Paul Marks of Del Dios has heard the thunder. So have Bill Schlosser and the rest of his neighbors in the Rancho Santa Fe area.
It's the kind of noise that yanks you right out of bed and sends you running for the door, a racket that regularly rattles more than one North County community.
"It goes: Thumpa! Thumpa! Thumpa! Thumpa!" said Marks, an attorney who practices in Escondido. "It sounds just like that--only a lot louder. And it doesn't have to be real close, either.
"Every time one of these babies flies by, people rush out of their houses to see what's going on. They assume something has gone terribly wrong long before the thing gets to the ground."
He's talking about the privately owned helicopters that have become a familiar sight--and sound--in some North County suburbs.
Because these days, rush-hour traffic jams aren't just stacking up the freeways. The area's growing pains are now being felt in the air as well as on land, especially in wealthy areas such as Rancho Santa Fe.
All too often, residents say, the skies over their estates and several surrounding communities are filled with hot-air balloons from Del Mar, private airplanes and military jets.
And those noisy helicopters--many of which land and take off from back yards in the neighborhood.
Taking Friends on Joy Rides
"We had one guy taking his friends out on joy rides every weekend, up and down the river valley," said Albert Frowiss, a Rancho Santa Fe resident and chairman of the San Dieguito Planning Group.
"You sit in your back yard, looking for some peace and quiet, and you have this whirlybird zooming around your head like some sort of mechanical mosquito."
Some helicopters have taken aerial photographs of Rancho Santa Fe houses and later peddled the pictures to homeowners, residents say. Others offer rather noisy public tours, pointing out the wealthiest estates.
"You get a lot of lookie-loos that come here from somewhere else, peer into our back yards and then go back to who-knows-where," said Schlosser, another San Dieguito planning group member.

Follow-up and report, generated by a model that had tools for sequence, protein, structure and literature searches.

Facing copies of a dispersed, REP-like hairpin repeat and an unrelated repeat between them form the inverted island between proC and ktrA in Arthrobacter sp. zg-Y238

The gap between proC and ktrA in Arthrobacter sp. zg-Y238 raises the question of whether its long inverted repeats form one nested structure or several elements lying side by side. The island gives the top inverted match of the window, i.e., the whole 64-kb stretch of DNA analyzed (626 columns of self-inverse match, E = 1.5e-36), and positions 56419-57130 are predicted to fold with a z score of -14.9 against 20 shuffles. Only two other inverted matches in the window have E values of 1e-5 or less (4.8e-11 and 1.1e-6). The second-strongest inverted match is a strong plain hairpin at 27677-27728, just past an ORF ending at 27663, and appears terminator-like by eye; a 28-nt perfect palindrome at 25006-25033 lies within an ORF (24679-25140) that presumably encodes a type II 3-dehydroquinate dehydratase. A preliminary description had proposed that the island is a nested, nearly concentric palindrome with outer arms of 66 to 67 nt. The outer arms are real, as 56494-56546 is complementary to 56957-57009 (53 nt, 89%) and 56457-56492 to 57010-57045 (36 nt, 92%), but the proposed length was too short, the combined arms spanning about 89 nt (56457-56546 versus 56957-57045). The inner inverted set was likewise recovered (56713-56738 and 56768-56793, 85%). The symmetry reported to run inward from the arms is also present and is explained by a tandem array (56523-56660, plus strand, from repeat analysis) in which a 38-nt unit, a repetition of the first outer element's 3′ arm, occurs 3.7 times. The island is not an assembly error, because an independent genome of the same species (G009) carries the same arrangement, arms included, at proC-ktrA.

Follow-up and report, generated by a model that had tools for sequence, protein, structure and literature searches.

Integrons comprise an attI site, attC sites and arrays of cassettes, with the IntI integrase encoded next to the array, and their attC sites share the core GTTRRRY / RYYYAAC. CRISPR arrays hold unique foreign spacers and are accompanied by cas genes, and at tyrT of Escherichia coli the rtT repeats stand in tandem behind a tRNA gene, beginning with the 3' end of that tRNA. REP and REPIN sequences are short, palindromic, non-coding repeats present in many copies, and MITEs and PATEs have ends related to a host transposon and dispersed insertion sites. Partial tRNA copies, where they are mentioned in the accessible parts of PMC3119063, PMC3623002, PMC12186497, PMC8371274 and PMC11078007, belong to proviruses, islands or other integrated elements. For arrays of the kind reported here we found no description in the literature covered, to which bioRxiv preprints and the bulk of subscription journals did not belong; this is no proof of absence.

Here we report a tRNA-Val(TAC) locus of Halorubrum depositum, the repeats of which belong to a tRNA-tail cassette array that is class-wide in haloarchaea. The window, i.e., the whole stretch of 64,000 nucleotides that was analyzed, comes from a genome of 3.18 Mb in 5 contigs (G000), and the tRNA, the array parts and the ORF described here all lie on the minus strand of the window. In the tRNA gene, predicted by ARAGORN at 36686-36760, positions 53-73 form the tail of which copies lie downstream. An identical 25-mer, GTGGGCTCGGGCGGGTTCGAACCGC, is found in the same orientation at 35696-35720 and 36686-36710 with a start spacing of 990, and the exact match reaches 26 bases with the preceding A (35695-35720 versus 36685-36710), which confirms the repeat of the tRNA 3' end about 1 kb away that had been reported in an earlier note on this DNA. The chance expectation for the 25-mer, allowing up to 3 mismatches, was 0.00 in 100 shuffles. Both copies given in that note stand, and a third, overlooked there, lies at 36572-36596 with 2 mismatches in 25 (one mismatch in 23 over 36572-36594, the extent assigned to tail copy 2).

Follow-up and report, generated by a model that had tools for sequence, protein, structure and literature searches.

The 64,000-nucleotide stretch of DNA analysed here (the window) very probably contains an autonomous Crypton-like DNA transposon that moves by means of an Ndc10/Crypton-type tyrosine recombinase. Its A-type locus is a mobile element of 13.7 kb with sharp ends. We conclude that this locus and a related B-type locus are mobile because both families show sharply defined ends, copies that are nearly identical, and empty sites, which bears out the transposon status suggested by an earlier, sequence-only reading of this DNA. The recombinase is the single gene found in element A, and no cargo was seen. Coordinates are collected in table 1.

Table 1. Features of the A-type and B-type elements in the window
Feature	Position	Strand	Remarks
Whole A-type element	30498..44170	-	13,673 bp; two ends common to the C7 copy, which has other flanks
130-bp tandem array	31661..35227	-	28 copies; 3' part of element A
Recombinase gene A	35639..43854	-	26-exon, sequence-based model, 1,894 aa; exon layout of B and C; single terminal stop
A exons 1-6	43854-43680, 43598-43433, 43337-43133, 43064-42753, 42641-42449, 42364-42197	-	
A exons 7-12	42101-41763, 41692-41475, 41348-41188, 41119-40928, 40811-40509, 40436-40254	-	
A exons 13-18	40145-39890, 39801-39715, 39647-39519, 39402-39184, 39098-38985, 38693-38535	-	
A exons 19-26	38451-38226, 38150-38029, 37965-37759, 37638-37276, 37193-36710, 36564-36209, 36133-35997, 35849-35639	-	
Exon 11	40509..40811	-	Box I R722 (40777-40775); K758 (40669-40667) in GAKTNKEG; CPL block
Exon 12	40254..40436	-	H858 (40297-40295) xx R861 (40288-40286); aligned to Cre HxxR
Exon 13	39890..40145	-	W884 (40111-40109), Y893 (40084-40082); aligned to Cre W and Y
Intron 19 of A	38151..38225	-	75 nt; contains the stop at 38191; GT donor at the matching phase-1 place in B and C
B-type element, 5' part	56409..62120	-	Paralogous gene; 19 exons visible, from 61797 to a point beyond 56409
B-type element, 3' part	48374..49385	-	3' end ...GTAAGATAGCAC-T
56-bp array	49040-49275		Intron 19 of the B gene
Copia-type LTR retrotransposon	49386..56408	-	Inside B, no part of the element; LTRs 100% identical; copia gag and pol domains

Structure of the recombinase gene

The hectic air traffic has led some Rancho Santa Fe residents to fear that, one day, well, the sky might fall.
"You mix all these aircraft together and it raises a real question of safety in the skies over our heads," Schlosser said. "If one of those choppers hit a balloon or some guy in his Cessna on his way home from Burbank or Palm Springs, they're both going to come crashing down to the ground.
"And then we could have a fire that would burn down much of this community. That's why the general feeling here is that these helicopters need to be controlled."
Today, the San Dieguito Planning Group will testify at a public hearing of the San Diego County Planning Commission, in search of a cure for their helicopter hangover. The residents would like to see toughened the county's ordinances on the building of helistops--or landing areas--for privately owned helicopters.
Although helicopter owners now need a county land-use permit for such an area, the proposed ordinance would require at least 5 acres on which to build the helistop, which would have to sit back 200 feet from a property line, rather than the current 50 feet.
Addressing Noise Factor
The noise factor would also be addressed.
"Right now, noise is gauged on a per-hour basis, so you can make a lot of noise for a short period of time--such as with a helicopter takeoff--and still be under the required level," said Marvin Jones, an associate San Diego County planner.
"The new ordinance would look at a single event. How much noise does the craft make upon takeoff and landing? Does it scare horses or wildlife? All that would be looked at when considering a permit."
Still, planning group members know their chopper concerns aren't exactly going to fly away.
Marks estimates that at least a dozen residents in the San Dieguito area now own private helicopters, which start selling at $100,000 and can run as high as several million dollars.
And, by the end of the century, according to estimates by the San Diego Assn. of Governments, 162 privately owned helicopters will be flying over San Diego County, double the number that flew only 15 years earlier.
Add to that the 300 military helicopters that now cruise the county, and you've got the makings of a major helicopter headache, Frowiss said.
"The truth is, we'd like to eliminate helicopters in residential areas altogether," he said. "But, if we can't get rid of them, we certainly want to control them."
Fed Up With Bashing
William (Swede) Gamble, an FAA aviation safety inspector and career helicopter pilot, has heard just about enough bashing of the aircraft he has come to respect.
That's why he's going to be on hand at the planning board meeting--to make sure someone speaks up for the rights of helicopter owners.
"The helicopter is more than just a rich man's toy," he said. "Like a corporate jet, it gets people to places with minimum time and hassles."
The helicopter issue has haunted Rancho Santa Fe for at least a decade.